BeeGFS: BeeGFS is a parallel file system that was initially developed at Fraunhofer Center for High Performance Computing in Germany by a team led by Sven Breuner, who later became the CEO of ThinkParQ, the spin-off company that was founded in 2014 to maintain BeeGFS. BeeGFS combines multiple storage servers to provide a highly scalable shared network file system with striped file contents. This way, it allows users to overcome the tight performance limitations of single servers, single network interconnects, and a limited number of hard drives. In such a system, high throughput demands of large numbers of clients can easily be satisfied, but even a single client can benefit from the aggregated performance of all the storage servers in the system.
Gluster: Similar to the way the Lustre name was derived combining Linux and cluster, Gluster combines GNU and cluster. GlusterFS is a scalable network filesystem suitable for data-intensive tasks such as cloud storage and media streaming. The GlusterFS architecture aggregates compute, storage, and I/O resources into a global namespace. Capacity is scaled by adding additional nodes or adding additional storage to each node. Performance is increased by deploying storage among more nodes. High availability is achieved by replicating data n-way between nodes.
Making Sense of the Changes and Choices
Given these changes in workloads, processor choices, and available parallel file systems, how do you match a system to your company’s HPC needs? You can certainly do it yourself. However, with HPC analytics and AI applications becoming mainstream, most companies do not have the time or in-house expertise to evaluate, select, assemble, deploy, and maintain systems from scratch.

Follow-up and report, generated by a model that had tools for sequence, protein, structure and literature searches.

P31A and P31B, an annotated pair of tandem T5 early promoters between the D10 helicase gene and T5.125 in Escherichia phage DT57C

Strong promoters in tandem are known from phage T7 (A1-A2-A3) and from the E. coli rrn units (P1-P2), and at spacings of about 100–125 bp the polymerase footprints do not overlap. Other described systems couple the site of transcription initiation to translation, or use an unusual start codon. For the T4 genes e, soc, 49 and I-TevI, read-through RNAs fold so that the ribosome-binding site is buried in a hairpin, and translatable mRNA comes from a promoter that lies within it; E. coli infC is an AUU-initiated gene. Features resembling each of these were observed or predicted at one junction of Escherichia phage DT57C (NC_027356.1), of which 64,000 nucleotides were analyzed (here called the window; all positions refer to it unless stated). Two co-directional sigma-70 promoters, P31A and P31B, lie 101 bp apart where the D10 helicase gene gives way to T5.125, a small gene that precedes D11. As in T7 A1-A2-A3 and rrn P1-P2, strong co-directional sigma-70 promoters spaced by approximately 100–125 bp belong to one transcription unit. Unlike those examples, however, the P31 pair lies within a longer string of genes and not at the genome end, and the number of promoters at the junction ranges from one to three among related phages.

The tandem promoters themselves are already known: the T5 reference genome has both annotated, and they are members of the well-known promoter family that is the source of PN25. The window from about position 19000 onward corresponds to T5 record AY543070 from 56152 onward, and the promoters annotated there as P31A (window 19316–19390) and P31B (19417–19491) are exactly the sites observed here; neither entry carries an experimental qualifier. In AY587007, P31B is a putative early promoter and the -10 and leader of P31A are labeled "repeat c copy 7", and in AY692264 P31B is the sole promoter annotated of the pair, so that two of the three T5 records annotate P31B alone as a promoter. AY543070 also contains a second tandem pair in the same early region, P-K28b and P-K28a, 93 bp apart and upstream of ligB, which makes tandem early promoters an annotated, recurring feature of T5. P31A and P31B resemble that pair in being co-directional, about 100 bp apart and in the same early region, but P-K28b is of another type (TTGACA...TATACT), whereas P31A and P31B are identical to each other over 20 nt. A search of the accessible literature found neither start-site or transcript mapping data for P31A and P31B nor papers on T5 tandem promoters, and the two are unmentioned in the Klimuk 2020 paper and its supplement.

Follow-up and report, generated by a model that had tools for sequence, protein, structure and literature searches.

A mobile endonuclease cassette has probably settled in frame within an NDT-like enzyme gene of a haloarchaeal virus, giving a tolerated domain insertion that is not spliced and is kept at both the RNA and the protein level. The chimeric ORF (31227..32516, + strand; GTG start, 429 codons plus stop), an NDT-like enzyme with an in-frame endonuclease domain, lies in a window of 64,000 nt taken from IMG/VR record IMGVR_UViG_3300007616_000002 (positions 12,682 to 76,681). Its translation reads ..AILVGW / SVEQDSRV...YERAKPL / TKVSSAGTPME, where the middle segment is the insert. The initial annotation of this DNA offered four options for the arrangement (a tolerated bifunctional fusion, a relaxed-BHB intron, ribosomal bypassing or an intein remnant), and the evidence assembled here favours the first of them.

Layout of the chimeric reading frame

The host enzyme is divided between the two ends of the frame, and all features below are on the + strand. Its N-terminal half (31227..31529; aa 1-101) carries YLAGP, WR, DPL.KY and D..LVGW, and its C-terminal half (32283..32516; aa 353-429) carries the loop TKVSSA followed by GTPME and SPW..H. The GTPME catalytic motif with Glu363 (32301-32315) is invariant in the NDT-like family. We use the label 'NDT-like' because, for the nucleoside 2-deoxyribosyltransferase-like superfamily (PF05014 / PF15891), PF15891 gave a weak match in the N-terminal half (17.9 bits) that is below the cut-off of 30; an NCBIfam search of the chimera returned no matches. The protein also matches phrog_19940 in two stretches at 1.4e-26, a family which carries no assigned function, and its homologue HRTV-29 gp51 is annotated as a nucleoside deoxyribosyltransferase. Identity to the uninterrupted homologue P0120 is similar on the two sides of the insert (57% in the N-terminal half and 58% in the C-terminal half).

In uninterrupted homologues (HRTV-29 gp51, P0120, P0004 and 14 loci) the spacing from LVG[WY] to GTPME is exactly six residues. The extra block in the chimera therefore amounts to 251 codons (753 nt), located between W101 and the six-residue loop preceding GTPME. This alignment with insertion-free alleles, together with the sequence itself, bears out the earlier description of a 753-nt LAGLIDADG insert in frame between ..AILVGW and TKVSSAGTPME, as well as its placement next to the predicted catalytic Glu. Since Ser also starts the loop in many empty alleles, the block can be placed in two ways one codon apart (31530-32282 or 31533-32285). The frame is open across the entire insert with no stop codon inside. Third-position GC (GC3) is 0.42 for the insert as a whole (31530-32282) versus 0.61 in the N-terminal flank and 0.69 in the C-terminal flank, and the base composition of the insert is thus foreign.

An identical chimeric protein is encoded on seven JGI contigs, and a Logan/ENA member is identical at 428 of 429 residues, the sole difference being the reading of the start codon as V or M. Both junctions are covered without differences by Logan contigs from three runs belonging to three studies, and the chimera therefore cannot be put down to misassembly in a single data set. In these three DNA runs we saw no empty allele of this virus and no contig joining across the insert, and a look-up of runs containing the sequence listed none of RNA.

A better approach is to team with an industry partner that has expertise in the new applications and solutions, plus best practices developed from a long track record of successful deployments. That’s where we can help.
PSSC Labs has a more than 30 years history of delivering systems that meet the most demanding workloads across industries, government, and academia.
Its offerings include the Parallux Storage Clusters, which are a cost-efficient and scalable storage solution. Key features include:
- Scale to tens of petabytes of capacity with no downtime upgrade
- Storage tiers available for warm/cold data requirements
- Distributed metadata for high performance and redundancy
- Compatible with POSIX File Systems
- Extreme performance exceeding 10GB/sec sustained IO
- Factory installation of all necessary hardware, software, and networking components
- Only enterprise-grade components used for maximum reliability and performance
This solution and other PSSC Labs systems are designed to meet the compute requirements of modern enterprise applications today. Such systems will increasingly become more important as companies make greater use of analytics on more and more datasets, as well as embracing AI and ML.